With higher oil prices, many consumers in China have spent a lot more on gasoline and have less discretionary spending power as a result. Because the cost of oil also affects the cost of many of life’s necessities, inflation has also increased. Given that China’s economy was already slowing, the higher oil prices have likely slowed China’s economy even further.
With a slower Chinese economy and less consumer discretionary spending power, demand has likely weakened for Yum China and the company’s profits might not be as strong as previously expected.
The war between Russia and Ukraine may also be negatively affecting Yum China’s valuation. Due to the war, markets around the world have weakened substantially. With so many other companies with lower valuations, Yum China’s valuation has also decreased as well.
There are also other headwinds. Russia could potentially default on its debt due to sanctions and the Federal Reserve might raise interest rates soon to control inflation. If the economy weakens or if the war escalates, valuations could weaken even further.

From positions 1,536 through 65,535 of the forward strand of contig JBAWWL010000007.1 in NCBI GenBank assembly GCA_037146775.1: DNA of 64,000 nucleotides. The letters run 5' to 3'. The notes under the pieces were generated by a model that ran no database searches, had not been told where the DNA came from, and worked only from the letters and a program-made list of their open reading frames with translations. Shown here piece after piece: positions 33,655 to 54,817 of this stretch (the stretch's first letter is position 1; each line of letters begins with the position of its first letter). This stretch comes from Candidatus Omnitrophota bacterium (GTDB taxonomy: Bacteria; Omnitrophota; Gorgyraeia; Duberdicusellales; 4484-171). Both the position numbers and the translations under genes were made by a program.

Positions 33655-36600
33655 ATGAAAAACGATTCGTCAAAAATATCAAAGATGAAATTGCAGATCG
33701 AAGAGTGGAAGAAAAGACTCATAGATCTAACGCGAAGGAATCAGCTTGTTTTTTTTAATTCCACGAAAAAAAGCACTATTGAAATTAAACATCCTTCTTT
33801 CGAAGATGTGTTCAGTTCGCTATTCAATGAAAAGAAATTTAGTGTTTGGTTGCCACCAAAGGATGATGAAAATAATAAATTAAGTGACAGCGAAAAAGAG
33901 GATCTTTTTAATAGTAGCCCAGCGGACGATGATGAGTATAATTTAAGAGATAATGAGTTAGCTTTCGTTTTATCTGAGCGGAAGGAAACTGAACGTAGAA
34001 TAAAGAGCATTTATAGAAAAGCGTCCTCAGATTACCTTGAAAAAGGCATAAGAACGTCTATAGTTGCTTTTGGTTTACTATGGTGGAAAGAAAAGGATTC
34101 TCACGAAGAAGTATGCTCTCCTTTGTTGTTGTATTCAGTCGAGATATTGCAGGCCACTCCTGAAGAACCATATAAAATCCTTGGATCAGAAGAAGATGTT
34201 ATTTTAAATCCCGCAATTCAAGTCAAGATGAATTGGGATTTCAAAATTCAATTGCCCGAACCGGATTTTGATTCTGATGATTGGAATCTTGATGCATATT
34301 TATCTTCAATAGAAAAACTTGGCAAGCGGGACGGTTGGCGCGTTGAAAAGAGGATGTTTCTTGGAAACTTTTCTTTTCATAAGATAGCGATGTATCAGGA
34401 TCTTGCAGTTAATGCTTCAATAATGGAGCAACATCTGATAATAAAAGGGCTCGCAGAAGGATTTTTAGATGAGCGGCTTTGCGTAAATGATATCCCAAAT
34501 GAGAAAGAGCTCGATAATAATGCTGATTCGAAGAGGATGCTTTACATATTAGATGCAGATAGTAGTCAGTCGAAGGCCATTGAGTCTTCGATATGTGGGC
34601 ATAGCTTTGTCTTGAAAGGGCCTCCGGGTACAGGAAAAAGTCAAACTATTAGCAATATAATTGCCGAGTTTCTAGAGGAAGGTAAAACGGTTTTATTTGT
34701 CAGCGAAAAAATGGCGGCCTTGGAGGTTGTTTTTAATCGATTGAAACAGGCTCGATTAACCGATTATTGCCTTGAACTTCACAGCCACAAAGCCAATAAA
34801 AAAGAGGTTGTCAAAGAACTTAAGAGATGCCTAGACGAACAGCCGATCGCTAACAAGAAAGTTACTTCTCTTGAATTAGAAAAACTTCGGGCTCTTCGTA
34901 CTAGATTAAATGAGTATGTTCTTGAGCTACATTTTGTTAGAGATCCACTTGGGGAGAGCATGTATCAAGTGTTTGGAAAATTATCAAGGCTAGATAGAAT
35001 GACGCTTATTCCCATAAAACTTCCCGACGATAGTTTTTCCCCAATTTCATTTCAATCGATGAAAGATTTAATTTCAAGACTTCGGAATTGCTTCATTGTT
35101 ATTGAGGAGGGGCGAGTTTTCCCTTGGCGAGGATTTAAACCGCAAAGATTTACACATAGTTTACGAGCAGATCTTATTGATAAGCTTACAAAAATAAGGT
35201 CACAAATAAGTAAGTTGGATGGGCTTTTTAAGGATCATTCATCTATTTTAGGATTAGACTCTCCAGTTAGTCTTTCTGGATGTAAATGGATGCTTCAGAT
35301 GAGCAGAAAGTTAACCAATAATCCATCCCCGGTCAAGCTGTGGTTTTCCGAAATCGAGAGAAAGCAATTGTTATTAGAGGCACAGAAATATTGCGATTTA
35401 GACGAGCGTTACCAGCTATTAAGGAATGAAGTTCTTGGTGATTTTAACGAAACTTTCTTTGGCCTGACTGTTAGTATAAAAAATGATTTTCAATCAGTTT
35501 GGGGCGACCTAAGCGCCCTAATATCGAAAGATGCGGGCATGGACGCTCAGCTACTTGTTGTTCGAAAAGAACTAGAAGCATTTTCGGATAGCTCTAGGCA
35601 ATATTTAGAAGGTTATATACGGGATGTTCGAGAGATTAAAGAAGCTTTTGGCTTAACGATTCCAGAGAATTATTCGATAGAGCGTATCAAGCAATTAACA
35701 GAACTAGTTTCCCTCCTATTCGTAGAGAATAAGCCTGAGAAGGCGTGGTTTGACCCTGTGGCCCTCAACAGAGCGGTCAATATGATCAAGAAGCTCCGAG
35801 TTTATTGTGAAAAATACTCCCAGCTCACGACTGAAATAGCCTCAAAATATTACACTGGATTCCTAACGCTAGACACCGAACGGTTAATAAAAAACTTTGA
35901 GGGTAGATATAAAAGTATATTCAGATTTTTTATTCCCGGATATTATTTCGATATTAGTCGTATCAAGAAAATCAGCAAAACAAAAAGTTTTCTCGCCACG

Reasons to be Optimistic
While Yum China faces many headwinds, there are still reasons to be optimistic.
China’s regulators could potentially reach a compromise with the SEC that could still allow Chinese stocks to be listed. Indeed the China Securities Regulatory Commission said on Friday, “We always adhere to the spirit of openness and cooperation, and are willing to resolve the issue … through regulatory cooperation”.
A delisting might not affect Yum China’s fundamentals in the long term either because the company is still listed in Hong Kong. If Yum China ever needed capital, it could get it from Hong Kong. Yum China’s shares listed on the NYSE are also fully fungible with its Hong Kong listed shares.
Furthermore, management may have options to limit the downside of Yum China if the stock falls too much.